Echoes of Eden
Rabbi Ari Kahn
Parashat Pinchas 5776
Like a Princess
This being so, we might ask why the prohibition against intermarriage with Moavites makes a distinction between men and women. Surely, they all failed to extend a helping hand to the Israelites. The Talmud cites a verse in Tehilim to explain why the law forbids marriage only with the men of Moav: Only the men were expected to meet the Israelites with food and drink, because “The dignity of a daughter of the king is within” (Tehilim 45:14)
While this verse might be understood as referring to modesty or regal bearing, the Talmud understands the verse in terms of geography: The daughters of the King of Moav remained inside their homes. We might contrast their behavior with that of Kozbi, the princess of Midian who seduced Zimri into a public display of sexuality that was, for all intents and purposes, a revolt. Although the common girls of Moav became involved with Israelite men, it was the daughter of the prince of Midian who used her body as a weapon in the war against the Jews.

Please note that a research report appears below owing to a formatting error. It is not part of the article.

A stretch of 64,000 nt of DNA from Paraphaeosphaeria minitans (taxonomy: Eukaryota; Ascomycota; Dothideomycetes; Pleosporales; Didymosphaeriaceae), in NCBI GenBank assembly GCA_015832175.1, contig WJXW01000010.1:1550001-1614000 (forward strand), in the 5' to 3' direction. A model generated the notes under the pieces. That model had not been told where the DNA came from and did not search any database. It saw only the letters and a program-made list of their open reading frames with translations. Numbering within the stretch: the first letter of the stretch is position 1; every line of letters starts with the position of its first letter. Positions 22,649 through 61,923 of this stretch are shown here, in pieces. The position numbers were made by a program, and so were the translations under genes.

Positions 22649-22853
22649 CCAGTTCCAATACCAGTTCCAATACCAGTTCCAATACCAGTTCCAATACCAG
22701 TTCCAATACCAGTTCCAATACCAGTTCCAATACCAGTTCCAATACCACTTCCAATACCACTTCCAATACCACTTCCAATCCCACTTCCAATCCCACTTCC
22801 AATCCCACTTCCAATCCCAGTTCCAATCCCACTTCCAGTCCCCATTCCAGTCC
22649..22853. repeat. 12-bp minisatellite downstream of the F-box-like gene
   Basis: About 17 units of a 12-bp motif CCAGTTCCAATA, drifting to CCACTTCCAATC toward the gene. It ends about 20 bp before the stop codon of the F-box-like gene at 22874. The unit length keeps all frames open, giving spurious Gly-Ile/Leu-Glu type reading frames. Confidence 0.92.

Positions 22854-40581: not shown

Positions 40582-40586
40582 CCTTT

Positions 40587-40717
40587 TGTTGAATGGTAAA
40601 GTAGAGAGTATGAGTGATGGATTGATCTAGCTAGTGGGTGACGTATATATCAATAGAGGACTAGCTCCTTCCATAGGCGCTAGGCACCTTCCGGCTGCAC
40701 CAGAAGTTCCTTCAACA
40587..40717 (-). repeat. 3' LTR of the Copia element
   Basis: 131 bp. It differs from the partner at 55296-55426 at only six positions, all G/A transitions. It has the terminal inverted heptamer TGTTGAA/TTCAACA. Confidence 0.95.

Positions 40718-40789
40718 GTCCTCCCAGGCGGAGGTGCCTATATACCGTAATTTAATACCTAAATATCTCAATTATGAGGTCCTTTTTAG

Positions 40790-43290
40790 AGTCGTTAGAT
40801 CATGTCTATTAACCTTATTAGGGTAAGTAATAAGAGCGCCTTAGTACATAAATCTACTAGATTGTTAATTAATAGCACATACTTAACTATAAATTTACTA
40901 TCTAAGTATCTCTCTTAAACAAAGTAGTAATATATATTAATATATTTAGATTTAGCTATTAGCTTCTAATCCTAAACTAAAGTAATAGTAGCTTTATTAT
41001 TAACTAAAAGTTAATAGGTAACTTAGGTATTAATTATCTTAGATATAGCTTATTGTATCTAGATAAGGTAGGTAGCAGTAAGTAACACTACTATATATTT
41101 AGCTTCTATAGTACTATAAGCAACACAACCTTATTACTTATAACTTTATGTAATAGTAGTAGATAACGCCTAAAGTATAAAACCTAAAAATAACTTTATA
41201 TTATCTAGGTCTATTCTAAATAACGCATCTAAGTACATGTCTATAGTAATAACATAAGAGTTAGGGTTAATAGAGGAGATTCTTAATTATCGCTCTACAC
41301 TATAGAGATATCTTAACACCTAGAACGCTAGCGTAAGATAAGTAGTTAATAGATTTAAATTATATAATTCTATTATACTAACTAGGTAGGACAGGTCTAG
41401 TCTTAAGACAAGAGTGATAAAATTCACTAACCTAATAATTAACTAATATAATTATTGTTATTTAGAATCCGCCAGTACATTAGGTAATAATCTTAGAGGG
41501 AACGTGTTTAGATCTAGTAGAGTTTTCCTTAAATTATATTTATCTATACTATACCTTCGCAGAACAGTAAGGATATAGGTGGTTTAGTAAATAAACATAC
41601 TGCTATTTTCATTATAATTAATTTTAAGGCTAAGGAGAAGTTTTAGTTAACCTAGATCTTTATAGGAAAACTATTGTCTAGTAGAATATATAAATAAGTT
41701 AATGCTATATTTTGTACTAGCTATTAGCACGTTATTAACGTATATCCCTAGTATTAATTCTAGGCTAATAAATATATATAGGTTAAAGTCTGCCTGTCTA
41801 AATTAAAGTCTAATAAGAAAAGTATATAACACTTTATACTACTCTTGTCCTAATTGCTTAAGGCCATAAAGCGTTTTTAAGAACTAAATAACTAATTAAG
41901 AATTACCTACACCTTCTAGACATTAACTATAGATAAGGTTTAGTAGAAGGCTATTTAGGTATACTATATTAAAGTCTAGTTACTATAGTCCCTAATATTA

The women of Moav were not judged harshly for failing to offer bread and water; they were friendly – if anything, they were too friendly. For this reason, they are permitted to marry into the Jewish people. On the other hand, Kozbi, the daughter of Midianite nobility who behaved in a most ignoble manner, brought shame and death upon her people.
For more in depth study see:
Echoes of Eden